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first_img Top Stories The personnel decisions didn’t work out for the Cavaliers and we all know where the next chapter of the LeBron James story went. If the Arizona Cardinals acquire Kyle Orton or Kevin Kolb they need to be doing it because they think one of them can be their quarterback for the next five to seven years, not to keep Larry Fitzgerald. I concentrate on those two names because they are the two players that can set the Cardinals franchise back another three to four years if the move doesn’t pan out. Giving up a player or high draft pick for Orton or Kolb is making a commitment to who your quarterback is. I understand the NBA and NFL have different salary structures and in the NFL it is much easier to reshape a team than it is in the NBA. However, the one position in the NFL that can hamstring you long-term is quarterback. Arizona must truly believe in Kolb or Orton if they go in that direction. If Arizona makes the move for Kolb or Orton and it doesn’t work out they will be watching Larry Fitzgerald in another uniform anyway. As any Cleveland Cavaliers fan would gladly tell you, watching your superstar go onto success in another city is not an enjoyable experience. 0 Comments   Share   Larry Fitzgerald is arguably the best wide receiver in the NFL, but the Arizona Cardinals can not let his status as a free agent after the season influence what they decide to do with the quarterback position. It is a huge mistake for an organization to base decisions around one player — just ask the Cleveland Cavaliers. For years the Cavs tried to appease LeBron James. They overpaid for Larry Hughes, Daniel Gibson (one of LeBron’s best friends on the team) and Mo Williams. They made poor trades for Antwan Jamison and Shaquille O’Neal. Cardinals expect improving Murphy to contribute right awaycenter_img D-backs president Derrick Hall: Franchise ‘still focused on Arizona’ Nevada officials reach out to D-backs on potential relocation What an MLB source said about the D-backs’ trade haul for Greinkelast_img read more

Former Cardinals kicker Phil Dawson retires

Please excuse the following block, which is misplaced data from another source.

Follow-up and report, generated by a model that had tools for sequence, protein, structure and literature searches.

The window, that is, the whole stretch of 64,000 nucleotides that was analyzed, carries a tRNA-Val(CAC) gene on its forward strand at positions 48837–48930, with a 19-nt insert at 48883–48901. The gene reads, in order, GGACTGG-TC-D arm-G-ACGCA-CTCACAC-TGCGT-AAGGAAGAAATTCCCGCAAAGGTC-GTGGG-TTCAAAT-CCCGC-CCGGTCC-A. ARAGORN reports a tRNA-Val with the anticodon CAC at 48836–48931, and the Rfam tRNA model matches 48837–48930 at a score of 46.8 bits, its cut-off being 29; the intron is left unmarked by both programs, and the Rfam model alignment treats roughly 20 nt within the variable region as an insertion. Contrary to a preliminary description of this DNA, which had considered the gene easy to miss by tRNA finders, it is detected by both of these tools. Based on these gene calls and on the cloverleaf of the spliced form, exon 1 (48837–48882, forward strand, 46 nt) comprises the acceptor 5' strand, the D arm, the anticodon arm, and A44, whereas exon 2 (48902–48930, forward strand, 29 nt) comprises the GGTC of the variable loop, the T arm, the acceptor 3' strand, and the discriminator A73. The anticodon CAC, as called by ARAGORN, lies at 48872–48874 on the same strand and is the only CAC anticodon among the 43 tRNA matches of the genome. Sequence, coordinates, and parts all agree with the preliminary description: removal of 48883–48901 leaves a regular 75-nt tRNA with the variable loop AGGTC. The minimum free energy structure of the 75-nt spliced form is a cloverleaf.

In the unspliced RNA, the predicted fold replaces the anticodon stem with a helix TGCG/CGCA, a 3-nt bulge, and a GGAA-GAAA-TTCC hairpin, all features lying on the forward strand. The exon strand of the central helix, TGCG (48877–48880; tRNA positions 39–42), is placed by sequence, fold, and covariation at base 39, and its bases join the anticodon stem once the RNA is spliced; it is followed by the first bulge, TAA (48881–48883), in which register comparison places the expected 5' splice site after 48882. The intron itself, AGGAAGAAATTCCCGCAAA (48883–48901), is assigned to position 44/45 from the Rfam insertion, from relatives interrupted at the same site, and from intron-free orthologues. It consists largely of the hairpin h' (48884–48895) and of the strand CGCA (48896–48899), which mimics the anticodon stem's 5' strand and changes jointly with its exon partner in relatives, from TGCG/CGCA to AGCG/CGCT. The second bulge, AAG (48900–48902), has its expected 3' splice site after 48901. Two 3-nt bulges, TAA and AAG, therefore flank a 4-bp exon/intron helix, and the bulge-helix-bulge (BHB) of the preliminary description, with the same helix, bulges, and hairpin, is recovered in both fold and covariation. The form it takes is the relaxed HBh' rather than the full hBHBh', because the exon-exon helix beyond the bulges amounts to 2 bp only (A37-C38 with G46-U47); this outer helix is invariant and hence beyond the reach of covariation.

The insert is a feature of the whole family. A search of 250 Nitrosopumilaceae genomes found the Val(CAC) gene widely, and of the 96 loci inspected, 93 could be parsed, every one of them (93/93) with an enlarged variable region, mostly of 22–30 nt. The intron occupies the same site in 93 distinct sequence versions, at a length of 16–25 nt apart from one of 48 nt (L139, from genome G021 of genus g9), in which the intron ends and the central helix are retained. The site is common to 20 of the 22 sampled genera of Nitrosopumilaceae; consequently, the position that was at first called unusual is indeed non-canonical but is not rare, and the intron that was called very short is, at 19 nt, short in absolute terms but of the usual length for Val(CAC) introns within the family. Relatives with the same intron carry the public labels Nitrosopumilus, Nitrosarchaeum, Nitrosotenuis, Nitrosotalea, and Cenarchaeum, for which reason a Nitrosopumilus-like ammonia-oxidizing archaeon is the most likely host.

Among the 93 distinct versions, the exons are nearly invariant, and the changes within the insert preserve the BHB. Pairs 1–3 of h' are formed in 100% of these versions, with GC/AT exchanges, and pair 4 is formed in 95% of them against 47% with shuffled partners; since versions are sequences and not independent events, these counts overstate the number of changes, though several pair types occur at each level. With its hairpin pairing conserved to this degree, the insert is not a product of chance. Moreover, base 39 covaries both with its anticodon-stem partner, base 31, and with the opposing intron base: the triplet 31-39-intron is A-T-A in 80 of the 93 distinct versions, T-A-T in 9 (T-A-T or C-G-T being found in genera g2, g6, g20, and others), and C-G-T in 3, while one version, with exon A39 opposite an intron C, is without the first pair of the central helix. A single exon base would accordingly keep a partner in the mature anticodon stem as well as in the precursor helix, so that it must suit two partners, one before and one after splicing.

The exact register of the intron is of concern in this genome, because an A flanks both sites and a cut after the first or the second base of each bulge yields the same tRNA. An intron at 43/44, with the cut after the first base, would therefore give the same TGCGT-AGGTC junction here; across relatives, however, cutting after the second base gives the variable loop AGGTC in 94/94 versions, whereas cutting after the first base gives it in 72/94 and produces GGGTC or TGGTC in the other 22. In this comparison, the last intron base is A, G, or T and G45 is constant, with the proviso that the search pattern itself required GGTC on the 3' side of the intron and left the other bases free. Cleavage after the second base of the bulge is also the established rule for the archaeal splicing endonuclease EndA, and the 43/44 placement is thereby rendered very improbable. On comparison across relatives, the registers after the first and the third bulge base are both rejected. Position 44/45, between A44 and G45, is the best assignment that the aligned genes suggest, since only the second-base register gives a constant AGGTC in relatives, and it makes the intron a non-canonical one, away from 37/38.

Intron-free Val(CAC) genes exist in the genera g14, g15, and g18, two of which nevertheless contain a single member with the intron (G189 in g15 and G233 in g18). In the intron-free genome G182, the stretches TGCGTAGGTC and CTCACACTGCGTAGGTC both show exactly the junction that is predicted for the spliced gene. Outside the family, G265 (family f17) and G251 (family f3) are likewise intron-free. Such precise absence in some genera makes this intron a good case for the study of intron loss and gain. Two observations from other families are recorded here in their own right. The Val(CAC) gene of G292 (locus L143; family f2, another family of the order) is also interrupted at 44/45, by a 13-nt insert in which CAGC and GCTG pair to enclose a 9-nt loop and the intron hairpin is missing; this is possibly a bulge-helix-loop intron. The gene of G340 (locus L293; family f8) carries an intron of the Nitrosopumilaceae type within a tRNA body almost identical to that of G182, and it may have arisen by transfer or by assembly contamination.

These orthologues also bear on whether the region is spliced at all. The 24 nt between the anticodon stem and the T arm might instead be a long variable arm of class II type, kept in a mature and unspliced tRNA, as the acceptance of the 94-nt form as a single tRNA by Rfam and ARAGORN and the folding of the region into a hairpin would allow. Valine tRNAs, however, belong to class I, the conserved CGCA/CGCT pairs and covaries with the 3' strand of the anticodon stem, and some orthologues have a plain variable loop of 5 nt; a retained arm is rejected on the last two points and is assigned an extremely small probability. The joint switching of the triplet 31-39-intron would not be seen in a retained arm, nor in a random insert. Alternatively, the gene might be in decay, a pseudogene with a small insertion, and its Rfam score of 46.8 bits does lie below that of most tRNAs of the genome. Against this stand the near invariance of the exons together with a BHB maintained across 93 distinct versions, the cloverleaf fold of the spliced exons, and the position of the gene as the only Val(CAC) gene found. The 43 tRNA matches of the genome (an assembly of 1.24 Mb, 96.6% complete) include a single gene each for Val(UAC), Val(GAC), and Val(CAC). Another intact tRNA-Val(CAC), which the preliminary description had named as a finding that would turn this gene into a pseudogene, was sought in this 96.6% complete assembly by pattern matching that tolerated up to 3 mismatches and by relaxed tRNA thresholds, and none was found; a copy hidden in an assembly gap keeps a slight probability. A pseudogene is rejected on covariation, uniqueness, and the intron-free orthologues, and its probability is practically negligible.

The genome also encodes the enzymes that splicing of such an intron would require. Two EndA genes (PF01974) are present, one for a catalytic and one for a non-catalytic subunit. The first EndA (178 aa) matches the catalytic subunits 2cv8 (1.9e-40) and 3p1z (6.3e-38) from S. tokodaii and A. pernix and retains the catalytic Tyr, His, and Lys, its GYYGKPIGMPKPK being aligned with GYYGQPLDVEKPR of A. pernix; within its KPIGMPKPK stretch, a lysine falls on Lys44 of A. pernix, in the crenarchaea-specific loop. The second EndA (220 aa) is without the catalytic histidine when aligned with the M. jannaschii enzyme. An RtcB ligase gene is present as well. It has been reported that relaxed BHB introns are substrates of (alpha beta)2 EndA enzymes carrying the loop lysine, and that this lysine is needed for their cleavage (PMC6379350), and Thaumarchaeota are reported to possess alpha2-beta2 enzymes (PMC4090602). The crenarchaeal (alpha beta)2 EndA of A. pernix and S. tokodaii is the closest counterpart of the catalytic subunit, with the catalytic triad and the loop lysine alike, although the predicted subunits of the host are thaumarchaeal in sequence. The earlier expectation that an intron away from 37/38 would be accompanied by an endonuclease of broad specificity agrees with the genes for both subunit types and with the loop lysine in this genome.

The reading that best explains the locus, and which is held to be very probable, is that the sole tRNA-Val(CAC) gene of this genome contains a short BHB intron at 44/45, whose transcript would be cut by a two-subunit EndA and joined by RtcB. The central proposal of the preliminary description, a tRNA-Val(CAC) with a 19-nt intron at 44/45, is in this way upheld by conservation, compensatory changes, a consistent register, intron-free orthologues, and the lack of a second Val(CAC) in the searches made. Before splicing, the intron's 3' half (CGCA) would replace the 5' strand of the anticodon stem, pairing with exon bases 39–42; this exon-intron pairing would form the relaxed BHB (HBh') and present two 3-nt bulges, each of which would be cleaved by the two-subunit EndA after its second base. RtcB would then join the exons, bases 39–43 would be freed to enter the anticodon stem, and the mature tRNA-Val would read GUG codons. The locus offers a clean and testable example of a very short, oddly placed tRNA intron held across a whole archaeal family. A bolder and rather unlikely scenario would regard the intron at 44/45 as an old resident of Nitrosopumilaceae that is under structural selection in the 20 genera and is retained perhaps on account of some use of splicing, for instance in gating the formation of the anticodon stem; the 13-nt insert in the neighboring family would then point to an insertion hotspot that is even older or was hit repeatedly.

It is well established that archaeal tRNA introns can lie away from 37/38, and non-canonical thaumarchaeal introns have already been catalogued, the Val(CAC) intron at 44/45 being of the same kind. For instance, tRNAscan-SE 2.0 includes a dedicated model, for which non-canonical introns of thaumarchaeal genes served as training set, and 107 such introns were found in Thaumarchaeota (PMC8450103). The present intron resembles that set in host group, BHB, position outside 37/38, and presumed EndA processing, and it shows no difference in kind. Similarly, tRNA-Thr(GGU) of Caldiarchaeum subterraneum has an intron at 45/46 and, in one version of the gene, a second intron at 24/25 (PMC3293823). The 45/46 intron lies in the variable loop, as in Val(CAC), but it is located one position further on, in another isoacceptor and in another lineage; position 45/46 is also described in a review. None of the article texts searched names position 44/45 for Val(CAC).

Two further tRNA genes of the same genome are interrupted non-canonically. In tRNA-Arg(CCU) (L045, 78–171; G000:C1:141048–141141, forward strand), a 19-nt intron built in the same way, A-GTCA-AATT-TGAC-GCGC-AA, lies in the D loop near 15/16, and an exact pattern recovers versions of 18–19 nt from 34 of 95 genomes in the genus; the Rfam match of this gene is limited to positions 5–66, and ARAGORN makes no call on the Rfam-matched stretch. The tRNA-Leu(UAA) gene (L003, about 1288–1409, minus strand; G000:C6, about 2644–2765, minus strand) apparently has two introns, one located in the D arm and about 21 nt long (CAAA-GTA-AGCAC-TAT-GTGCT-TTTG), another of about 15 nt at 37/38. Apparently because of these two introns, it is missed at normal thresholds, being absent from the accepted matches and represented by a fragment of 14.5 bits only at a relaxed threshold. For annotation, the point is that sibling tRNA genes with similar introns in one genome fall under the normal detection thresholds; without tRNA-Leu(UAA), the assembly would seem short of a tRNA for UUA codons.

first_img Former Cardinals kicker Phil Dawson retires The 5: Takeaways from the Coyotes’ introduction of Alex Meruelo Grace expects Greinke trade to have emotional impact And in drafting Brown with the second of their two third-round picks, the Cardinals acquired yet another weapon they can send back to return kicks.If it were up to him, he’d take on the challenge right away.“I would love to return punts,” said Brown. “I can do whatever I want. I believe I can help out, but I just need to learn the system. I’m really happy about the idea of returning punts and showing the coaches what I can do.”Just a week into the job, Brown admitted he’s already found the fastest way to learn that system: Talk to his accomplished teammates.“I feel like I can learn from Patrick Peterson and Ted Ginn,” said Brown, who returned his first ever punt at Pittsburg State for an 84-yard score. “It’ll be a good fit, and I can catch on quick. And in case anything happens, I believe I can do what they do.” – / 7 A three-time Division II All-American, Brown virtually re-wrote the record books with his own two hands, setting new program-highs in career catches (185), receiving yards (3,330) and touchdowns (32).However, it’s his legs that might get him on the field right away with the Cardinals.“I’m just a person that plays fast,” said Brown, who was named the Mid-American Intercollegiate Athletics Association (MIAA) Special Teams Player of the Year in 2012 and 2013. “That’s the question everyone keeps asking [as to whether or not I can adjust to the speed of the game in the NFL], but when I got into the East-West Shrine Game, I showed them I could play with the speed.“I think it will be a little faster, but I’ll adjust really quick.”That adjustment period might not take that long after all, when considering what he was able to do on the ground.As a senior, the 5-foot-10 standout accumulated 653 yards on special teams, including 389 on just 12 kickoff return attempts. And of those 12 return attempts, six went for more than 30 yards.Additionally, he averaged 13.63 yards per punt return from 2011-13.“My vision and my ability to change directions helped me [become a dynamic returner],” Brown said. “I also had great blockers, so that was a plus.” Brown’s numbers might not seem like a big deal when considering that they came in the MIAA and not the NFL. However, despite having numerous players on their roster with prior history in the return game, the Cardinals had their fair share of issues in that category throughout the 2013 campaign.The team’s primary kick returner, Javier Arenas, struggled mightily to make an impact. In fact, of the league’s 22 qualified return men last season, the former second-round pick had the second-worst average (21.4 yards/kick return attempt).Patrick Peterson wasn’t much better when it came to returning punts. After an electrifying rookie season that featured an NFL-record four return touchdowns and 699 yards, the three-time Pro Bowler has seen a steady decline when it comes to his special teams production.Peterson returned 33 punts a season ago for 198 total yards — good for the third-worst average (6.0 yards/attempt) in the league. The former No. 5 overall pick also didn’t reach the end zone for a second consecutive year, leaving head coach Bruce Arians to suggest that his days on special teams may be coming to an end in 2015.That decision makes a good deal of sense, considering that Arizona’s special teams shortcomings were remedied in part by the offseason signing of veteran return specialist Ted Ginn, Jr.center_img Comments   Share   Top Stories TEMPE, Ariz. — Arizona Cardinals general manager Steve Keim didn’t overlook the slight stature, small school background or lack of experience against elite competition when he made the organization’s selection with the No. 91 overall pick last week.Instead, he chose to focus on John Brown’s greatest asset: versatility.Brown, the first player taken out of Pittsburg State since 1993, was sensational just about wherever he was asked to play during his collegiate career. Derrick Hall satisfied with D-backs’ buying and sellinglast_img read more